The Coen brothers’ career is long and complex, but their films can be viewed as one long study in male melancholy. Think of Jerry Lundegaard’s antic frustration in Fargo; Larry Gopnik’s nebbish despair in A Serious Man; Llewyn’s roiling insecurity in Inside Llewyn Davis. Over at Press Play, Leigh Singer has an excellent video essay exploring this through-line in the Coens’ work.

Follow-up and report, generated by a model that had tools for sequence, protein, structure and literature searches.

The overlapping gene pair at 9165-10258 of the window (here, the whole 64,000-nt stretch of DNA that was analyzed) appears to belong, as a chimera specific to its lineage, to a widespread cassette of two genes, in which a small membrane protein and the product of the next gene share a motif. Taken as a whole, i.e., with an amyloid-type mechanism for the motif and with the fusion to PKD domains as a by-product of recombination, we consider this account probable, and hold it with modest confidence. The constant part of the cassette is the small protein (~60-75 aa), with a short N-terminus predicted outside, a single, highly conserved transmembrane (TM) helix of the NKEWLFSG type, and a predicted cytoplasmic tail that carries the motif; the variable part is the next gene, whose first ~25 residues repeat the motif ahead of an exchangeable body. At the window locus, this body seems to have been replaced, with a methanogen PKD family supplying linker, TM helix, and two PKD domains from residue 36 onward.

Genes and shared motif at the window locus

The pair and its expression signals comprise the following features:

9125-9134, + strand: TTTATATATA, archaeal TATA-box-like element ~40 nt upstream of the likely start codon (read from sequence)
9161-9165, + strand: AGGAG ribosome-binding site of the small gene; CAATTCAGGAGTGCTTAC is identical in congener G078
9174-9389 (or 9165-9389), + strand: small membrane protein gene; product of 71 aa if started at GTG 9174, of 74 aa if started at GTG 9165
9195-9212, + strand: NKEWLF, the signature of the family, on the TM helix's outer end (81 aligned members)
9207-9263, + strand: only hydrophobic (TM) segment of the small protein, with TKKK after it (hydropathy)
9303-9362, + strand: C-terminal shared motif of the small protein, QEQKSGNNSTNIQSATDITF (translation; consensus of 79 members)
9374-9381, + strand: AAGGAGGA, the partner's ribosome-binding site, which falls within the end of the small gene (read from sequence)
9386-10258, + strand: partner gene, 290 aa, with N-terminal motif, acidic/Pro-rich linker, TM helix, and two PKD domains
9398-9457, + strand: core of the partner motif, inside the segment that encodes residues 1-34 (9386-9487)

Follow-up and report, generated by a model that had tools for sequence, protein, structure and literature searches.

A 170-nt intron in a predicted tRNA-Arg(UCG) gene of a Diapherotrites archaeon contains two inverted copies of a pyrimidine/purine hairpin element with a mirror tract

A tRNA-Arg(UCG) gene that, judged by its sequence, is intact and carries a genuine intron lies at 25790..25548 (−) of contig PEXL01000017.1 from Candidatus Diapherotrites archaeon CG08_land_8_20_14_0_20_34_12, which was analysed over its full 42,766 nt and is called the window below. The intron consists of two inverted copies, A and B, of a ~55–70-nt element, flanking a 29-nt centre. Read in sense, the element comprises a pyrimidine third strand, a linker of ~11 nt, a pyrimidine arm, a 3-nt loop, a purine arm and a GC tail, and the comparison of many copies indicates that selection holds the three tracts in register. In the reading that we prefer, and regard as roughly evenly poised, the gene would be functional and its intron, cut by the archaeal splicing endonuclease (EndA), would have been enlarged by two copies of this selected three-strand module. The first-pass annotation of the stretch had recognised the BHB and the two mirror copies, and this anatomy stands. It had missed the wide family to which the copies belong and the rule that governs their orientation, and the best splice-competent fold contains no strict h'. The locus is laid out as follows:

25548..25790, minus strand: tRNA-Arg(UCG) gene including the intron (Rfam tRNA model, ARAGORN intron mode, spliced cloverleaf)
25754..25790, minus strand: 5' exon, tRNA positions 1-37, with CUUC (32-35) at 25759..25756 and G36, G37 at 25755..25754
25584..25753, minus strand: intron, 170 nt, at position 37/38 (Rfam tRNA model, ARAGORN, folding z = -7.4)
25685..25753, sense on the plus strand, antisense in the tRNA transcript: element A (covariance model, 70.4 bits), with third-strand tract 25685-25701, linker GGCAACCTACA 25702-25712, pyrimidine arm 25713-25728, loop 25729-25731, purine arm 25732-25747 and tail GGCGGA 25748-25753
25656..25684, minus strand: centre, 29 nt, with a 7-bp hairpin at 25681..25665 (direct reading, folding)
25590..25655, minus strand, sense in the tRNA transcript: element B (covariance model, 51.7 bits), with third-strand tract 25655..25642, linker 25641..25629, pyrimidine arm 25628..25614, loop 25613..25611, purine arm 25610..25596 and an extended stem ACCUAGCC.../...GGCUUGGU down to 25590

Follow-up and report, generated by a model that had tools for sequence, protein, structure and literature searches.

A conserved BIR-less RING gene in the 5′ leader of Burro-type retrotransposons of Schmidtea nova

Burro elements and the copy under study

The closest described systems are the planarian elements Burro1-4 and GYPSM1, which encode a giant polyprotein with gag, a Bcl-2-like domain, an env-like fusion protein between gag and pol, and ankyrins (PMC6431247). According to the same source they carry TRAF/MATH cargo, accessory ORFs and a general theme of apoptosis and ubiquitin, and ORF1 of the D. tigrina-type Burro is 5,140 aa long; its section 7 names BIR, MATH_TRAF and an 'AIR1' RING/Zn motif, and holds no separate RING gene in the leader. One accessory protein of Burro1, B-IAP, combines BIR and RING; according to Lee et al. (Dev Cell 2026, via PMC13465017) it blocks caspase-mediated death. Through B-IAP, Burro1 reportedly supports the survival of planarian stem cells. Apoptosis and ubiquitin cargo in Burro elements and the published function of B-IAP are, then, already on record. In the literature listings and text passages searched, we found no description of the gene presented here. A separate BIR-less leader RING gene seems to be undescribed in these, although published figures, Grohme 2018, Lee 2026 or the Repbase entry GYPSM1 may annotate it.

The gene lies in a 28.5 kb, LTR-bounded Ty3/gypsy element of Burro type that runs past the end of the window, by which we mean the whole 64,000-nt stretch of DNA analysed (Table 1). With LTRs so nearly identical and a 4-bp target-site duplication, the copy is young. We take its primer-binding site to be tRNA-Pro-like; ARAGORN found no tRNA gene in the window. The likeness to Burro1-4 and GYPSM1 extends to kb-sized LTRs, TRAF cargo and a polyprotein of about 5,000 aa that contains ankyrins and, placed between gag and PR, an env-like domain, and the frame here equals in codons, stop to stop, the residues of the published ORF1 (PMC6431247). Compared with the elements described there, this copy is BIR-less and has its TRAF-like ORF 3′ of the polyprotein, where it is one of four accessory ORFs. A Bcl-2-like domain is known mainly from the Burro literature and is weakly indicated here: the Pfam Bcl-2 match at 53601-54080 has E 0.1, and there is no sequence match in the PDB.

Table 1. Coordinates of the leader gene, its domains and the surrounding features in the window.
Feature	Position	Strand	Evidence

It’s a nifty compilation of clips from all 16 of the duo’s films—films that, despite having characters of both genders succumb to sadness, seem to possess a particular fixation on the various gradations of male misery. Enjoy.
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